Thirstier

Thirstier:

Back in my college years I went to my first Greyhound race. Today, the former Lincoln Downs is just short of being a full blown casino. In fact, I heard that they were thinking of eliminating dog races all together. Last time I drove by there the building was adorned with giant teepees which actually looked more like the sails of tall ships rather than anything else.

I never had a good feeling about the transformation of Lincoln Park to Twin River. Funny, even the name change reeks of misrepresentation. There were a lot of promises given to the citizens of our state as well as the local government of the Town of Lincoln. Many were honored and even more were not. In fact, the entire operation is constantly on the verge of bankruptcy. Sure, the taxes from the casino did pay for a beautiful middle school, but what is the actual cost of turning to income from gambling to finance the education of our children? What message are we really sending?

From the beginning I could see the costs to local businesses would be great. Income is limited in the state as well as pretty much everywhere else in the world. There is only so much money out there and when we print more of it what there is becomes worth less. So, if people are spending more money gambling they will spend less money at local restaurants, cinemas and retail stores. To me gaining income from the gambling industry made no sense at all unless somehow the state could increase its year round tourism in order to extract funds from out of state residents. After all, this is how places like Las Vegas and Atlantic City began to thrive shortly after gambling became their primary tourism booster. Yet, even that soon was not enough to draw people in. Today, Las Vegas is becoming more of an amusement part every year. The powers to be have realized the importance of bringing families into the mix and have drifted away from catering to seedy clients of day’s gone buy.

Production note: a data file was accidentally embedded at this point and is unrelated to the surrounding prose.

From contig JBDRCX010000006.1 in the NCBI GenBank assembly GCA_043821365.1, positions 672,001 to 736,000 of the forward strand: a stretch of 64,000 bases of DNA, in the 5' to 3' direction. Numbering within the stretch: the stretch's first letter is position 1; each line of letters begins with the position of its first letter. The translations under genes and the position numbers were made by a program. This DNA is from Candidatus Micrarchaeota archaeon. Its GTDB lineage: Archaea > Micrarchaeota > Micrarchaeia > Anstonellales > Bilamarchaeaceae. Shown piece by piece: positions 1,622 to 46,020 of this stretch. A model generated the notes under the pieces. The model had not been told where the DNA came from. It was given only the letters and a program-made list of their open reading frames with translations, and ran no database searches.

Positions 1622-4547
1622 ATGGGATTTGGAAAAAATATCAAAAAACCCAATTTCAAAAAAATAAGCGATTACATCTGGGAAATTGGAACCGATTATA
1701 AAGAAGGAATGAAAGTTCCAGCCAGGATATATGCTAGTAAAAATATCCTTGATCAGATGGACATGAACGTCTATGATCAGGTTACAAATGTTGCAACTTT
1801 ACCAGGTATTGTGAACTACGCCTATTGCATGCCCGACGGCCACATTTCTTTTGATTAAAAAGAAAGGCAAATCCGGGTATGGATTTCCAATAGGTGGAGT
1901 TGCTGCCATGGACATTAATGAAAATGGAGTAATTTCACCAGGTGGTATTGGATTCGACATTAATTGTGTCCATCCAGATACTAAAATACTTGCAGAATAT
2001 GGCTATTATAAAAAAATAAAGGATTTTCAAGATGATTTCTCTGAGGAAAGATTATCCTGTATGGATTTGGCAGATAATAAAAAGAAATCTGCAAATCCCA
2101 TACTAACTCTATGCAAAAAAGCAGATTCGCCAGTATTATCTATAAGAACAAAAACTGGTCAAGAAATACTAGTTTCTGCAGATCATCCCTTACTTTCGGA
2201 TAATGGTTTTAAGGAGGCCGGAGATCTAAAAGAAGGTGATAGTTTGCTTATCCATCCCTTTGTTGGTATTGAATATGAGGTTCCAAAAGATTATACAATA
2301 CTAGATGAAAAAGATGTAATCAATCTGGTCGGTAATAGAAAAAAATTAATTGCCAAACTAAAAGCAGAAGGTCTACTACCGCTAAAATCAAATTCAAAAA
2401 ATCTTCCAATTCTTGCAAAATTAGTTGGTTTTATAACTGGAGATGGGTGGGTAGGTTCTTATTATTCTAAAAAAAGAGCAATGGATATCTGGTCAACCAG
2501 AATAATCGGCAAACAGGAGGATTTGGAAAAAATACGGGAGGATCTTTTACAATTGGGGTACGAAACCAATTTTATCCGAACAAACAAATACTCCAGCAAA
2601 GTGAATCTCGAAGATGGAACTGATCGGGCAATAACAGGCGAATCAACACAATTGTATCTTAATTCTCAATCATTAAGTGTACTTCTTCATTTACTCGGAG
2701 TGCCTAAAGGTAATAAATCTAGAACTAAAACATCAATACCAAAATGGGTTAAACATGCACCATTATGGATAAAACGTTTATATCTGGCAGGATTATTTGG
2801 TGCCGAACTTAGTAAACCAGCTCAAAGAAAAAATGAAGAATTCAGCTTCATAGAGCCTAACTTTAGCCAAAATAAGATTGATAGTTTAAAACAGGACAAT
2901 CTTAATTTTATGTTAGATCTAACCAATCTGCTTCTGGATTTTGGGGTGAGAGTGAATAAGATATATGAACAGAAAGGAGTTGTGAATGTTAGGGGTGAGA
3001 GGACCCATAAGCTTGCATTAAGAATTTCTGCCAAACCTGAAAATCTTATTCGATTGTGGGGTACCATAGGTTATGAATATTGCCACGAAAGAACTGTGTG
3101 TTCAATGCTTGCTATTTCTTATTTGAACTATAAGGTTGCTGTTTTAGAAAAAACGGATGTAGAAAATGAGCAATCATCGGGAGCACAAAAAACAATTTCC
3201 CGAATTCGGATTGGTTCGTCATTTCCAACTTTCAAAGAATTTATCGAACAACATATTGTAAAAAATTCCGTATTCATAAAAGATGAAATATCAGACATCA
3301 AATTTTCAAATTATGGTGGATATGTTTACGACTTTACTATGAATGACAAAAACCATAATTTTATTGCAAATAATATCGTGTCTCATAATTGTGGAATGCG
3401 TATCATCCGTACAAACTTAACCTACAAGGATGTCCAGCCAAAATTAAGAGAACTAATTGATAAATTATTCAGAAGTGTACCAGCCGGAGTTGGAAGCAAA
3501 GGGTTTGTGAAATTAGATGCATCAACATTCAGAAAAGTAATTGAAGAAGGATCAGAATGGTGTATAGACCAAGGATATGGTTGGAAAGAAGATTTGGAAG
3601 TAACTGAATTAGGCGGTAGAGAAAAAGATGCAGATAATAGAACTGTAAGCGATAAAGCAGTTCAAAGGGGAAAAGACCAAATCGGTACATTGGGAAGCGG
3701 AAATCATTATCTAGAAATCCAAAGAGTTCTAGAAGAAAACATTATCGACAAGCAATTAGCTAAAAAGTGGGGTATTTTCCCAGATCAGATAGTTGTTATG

I’m afraid my principle income generating business was one of which was effected by the establishment of the Twin River Casino. Shortly after the reopening of this igniter of false hopes was setting the dreams of Rhode Islanders ablaze I began to notice a sharp decrease in my overall sales figures. Of course we did get one or two winners in over the years that were anxious to waste their winnings, but overall the majority of customers entered the store with a great big “BUT!” “I was going to buy these, but I lost all my money at the casino.” This became the most common factor in the decline of my stores sales. Even layaways became a thing of the past as many of the poorer customers would take that money weekly and invest it in what they perceived as a possible fortune waiting to be had at Twin River.

How easy it was for the leaders of the residents of Rhode Island to quickly give in to what seemed to be the answer to all their problems. It is amazing how, for political gains we can so easily put all our ethical beliefs aside in order to make those we should be leading happy with our performance. Is this how we should gain positions of leadership? I know it’s not. Imagine a general leading his troops in this way. By only taking what is perceived by them to be the easiest path, but in actuality is just a path full of false hopes and empty promises. In favoring the bandage instead of the cure our leaders have sealed our fate and signed our death certificates.